This is far below the N56 million it received in September 2015. Rauf Aregbesola, governor of the state, Friday disclosed that the sum will not even be enough to pay electricity bills for the state secretariat.
“Money coming from the Federation Account has dipped seriously and our hope for survival is in our hands; what our forefathers lived on was agriculture,” Aregbesola said back in September 2015.
“For September, our state got N55.8 million. The money we received cannot pay for the power supply by Ibadan Electricity Distribution Company (IBEDC) that we use at the state Secretariat monthly.”
According to the accountant-general of the federation, the state got a gross statutory allocation of N1.677 billion for February, slightly above the allocation for Ekiti, Ebonyi, Kwara and Bayelsa.
Osun also got N19.418 million and N726.1 million from the exchange rate gain and value added tax, resulting in a total gross amount of N2.423 billion for the month.
The total allocation for Osun was seen to be higher than Nasarawa, Kwara, Gombe, Ekiti and Ebonyi.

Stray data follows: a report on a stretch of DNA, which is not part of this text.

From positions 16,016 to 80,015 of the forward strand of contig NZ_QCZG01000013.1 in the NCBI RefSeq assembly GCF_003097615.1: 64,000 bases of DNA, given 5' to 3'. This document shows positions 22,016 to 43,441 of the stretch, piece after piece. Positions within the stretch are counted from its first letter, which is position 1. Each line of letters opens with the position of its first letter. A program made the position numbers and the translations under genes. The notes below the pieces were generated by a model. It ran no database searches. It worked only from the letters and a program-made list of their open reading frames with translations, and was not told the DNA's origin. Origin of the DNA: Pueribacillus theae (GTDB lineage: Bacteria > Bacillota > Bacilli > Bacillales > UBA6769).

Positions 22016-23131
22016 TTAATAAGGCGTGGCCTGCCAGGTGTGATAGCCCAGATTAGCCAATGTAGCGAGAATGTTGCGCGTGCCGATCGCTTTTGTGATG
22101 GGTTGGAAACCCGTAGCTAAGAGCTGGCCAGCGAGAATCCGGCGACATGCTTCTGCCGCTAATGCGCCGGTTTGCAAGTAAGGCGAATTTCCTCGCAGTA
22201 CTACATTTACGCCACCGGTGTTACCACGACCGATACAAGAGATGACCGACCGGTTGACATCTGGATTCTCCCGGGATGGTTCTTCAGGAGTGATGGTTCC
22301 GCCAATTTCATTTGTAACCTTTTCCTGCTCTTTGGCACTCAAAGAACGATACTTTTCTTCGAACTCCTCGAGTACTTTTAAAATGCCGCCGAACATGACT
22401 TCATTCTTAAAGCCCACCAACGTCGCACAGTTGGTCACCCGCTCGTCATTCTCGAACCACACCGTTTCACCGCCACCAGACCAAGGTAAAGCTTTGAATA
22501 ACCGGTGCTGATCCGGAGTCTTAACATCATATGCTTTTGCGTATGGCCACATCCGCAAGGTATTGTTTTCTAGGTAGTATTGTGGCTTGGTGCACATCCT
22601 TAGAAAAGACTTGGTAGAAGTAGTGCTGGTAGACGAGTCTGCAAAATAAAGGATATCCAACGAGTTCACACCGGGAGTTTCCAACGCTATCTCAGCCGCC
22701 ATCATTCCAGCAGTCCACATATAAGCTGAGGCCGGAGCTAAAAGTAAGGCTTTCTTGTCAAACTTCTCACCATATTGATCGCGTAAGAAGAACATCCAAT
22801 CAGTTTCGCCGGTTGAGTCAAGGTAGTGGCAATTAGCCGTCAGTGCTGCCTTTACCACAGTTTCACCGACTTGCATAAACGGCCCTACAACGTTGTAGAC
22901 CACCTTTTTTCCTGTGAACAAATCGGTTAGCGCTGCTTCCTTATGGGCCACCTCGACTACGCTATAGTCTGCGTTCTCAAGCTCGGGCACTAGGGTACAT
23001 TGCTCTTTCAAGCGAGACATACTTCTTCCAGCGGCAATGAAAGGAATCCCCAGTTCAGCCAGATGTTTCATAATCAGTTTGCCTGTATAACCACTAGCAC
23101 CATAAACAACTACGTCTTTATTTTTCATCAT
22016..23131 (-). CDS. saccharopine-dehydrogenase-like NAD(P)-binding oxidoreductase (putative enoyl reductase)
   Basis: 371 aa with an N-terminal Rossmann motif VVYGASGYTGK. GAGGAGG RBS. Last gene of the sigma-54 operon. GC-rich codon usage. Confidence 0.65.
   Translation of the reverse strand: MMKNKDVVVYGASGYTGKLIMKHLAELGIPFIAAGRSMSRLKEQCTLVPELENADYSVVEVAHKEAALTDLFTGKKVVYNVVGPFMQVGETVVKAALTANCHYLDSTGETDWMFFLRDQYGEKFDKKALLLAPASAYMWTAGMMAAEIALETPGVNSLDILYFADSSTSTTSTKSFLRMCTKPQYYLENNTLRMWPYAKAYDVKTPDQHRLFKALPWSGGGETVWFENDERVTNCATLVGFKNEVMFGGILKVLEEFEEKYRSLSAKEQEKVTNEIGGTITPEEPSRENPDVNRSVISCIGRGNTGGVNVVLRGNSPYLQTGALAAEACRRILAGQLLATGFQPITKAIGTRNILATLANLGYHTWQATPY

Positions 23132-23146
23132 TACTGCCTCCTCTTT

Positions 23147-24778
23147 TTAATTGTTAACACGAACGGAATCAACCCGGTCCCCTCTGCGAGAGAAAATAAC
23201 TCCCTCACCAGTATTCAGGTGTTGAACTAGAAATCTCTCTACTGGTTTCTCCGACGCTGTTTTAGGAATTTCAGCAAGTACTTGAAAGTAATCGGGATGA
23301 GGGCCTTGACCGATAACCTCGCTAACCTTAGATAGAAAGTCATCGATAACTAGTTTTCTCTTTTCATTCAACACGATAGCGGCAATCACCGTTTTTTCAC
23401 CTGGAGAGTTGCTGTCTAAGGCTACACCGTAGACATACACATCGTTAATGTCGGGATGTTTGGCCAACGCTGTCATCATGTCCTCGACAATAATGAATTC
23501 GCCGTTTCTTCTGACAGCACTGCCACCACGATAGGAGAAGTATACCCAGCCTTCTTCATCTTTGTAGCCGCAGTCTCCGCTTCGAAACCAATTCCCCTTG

However, with the removal of the N70.989 million, N945.881 million and N1.400 billion in external debt, Irrevocable Standing Payment Order (ISPO), and other debts, the state was left with a net allocation of N6.23 million.
With a wage bill of over N2.6 billion, the net allocation of N6.23 million would do next to nothing in the southwestern state with meagre internally generated revenue (IGR).
Every other state of the federation had a minimum net allocation of N1 billion.
Bayelsa, Ebonyi, Ekiti, Kwara, Gombe, Nasarawa, had a net allocation of N2.984 billion, N2.167 billion, N1.377 billion, N1.815 billion, N2.300 billion, N2.169 billion respectively.
With a wage bill of N2.6 billion, Ekiti, like Osun, led by Ayodele Fayose, may also have problems meeting its wage obligations.
On the high end, Akwa Ibom, Delta, Lagos and Rivers state got N8.557 billion, N6.062 billion, N6.612 billion and N5.427 billion respectively.